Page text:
The Tortoise and the Hare

This 1954 novel by Elizabeth Jenkins focuses on the disastrous marriage of Imogen and Evelyn Gresham. Imogen is beautiful and amiable, but, it appears, kind of useless to everyone in her household. She tries, but when she does, she ends up being an annoyance, especially to her son, Gavin. Evelyn, a prominent barrister, spends a lot of his time in London and is increasingly coming to depend on a neighbor, Blanche Silcox.

Blanche is in her 50s, much closer to Evelyn’s age than Imogen, and while not attractive, she is likable, and very much a doer. She drives the car, packs the picnic lunch, makes the arrangements for whatever needs to get done, and she’s game to go fishing and whatever else her friends are interested in. In a way, she’s just the kind of person who, as an overweight middle-aged single lady, I could relate to or at least aspire to be.

Yet this book worked on me in that I felt horrible for Imogen the entire time. For one thing, there’s every reason to believe that Imogen could do better, could be a doer herself. Her best friend, Cecil, sets a good example for being independent but also capable of relationships. And Imogen herself forms several close friendships with people who genuinely like her and are distressed at how she’s being swept aside. Perhaps her beauty is beguiling them, but I don’t think so. She genuinely doesn’t seem to understand what has caused everything to go so wrong. I think she’s just never had to be a doer in the way Blanche is.

Although the book treats Blanche as in interloper, I could see her perspective too. She’s in her 50s, has never been married, is not very attractive, and is enjoying what is likely to be a rare bit of male attention. I can imagine appreciating the friendship and then having it get out of hand. I think, on balance, she’s in the wrong. But Evelyn is more in the wrong. He’s the one who keeps relying on her, telling her his plans and problems. He could easily cool it, especially after his Imogen starts to express distress at his close friendship with Blanche.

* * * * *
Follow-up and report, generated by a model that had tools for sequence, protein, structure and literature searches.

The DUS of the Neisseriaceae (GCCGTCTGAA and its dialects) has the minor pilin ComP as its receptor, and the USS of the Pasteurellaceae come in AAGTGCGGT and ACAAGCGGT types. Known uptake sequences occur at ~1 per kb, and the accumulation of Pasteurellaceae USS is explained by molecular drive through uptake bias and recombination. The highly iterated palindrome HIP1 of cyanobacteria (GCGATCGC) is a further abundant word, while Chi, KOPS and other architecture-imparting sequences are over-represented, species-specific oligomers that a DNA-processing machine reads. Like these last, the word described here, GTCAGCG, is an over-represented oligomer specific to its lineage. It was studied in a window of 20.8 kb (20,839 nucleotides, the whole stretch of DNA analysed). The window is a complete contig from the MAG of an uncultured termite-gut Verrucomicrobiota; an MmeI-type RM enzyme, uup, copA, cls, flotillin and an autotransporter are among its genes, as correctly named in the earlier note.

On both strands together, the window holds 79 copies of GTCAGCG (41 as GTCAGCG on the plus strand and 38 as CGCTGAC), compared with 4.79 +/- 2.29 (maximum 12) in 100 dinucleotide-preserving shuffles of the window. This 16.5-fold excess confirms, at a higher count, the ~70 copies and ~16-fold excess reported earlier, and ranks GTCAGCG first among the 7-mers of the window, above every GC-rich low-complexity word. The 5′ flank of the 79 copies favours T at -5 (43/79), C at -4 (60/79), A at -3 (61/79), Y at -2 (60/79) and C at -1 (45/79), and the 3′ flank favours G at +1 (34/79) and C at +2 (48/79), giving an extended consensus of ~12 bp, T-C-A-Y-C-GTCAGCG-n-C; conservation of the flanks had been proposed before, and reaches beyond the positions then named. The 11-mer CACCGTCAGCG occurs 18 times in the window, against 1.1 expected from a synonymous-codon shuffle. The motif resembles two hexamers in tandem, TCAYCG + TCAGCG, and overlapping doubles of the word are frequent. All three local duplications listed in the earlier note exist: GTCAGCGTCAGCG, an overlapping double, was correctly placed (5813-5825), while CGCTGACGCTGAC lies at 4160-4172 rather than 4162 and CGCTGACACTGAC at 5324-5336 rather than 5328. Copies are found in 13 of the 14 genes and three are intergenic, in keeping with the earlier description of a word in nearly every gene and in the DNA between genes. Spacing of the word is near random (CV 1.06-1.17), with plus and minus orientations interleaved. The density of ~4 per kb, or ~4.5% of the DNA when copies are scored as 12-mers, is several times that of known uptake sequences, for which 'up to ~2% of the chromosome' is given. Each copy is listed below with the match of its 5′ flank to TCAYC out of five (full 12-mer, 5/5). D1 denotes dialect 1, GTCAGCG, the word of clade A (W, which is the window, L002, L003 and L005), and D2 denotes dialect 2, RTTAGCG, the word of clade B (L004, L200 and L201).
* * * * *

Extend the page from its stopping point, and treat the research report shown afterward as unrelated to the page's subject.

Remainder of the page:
I am still puzzling over the ending, which is sweet but strange. It turns on the fast that Imogen is not the only character who feels neglected and pushed aside. Gavin’s best friend, Tim, is similarly neglected by his family. And, at the end of the book, he provides just a little bit of hope that Imogen can find a path forward. It seems entirely unlikely, but I want to believe in it because I want to see neglected people find a place. And so I’m choosing to ignore the implausibility and enjoy the possibility.

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6 Responses to The Tortoise and the Hare

  1. realbooks4everstephanie says:

    It makes me sad when I read about neglected people. Glad that Imogen had some friends. She should learn how to do things because one day she will be Blanche.

  2. Cindy Fried says:

    Excellent review! Thank you for reminding me of this book which I loved when I read it years ago and, unlike a lot of the things I read, stayed with me. I gifted it to several friends at the time, and the other day I found myself telling someone about it and vowing to buy it for her too.

    Long winded way of saying it is one of my favourites – I keep meaning to read her other books (of which there aren’t many). The quality of the writing is the thing, and the twist on the tired old trope of man ignoring worthy and interesting wife when a gorgeous interloper comes along.

  3. Rohan Maitzen says:

    I liked but didn’t love this one: it sits nicely in the zone where there’s so much other mid-century women’s fiction, smart, understated, but not really doing a lot (I thought).

    • Teresa says:

      I was somewhat more lukewarm about this at first, but when I really started to think about the differences between the two women, the book felt more fresh and interesting to me.

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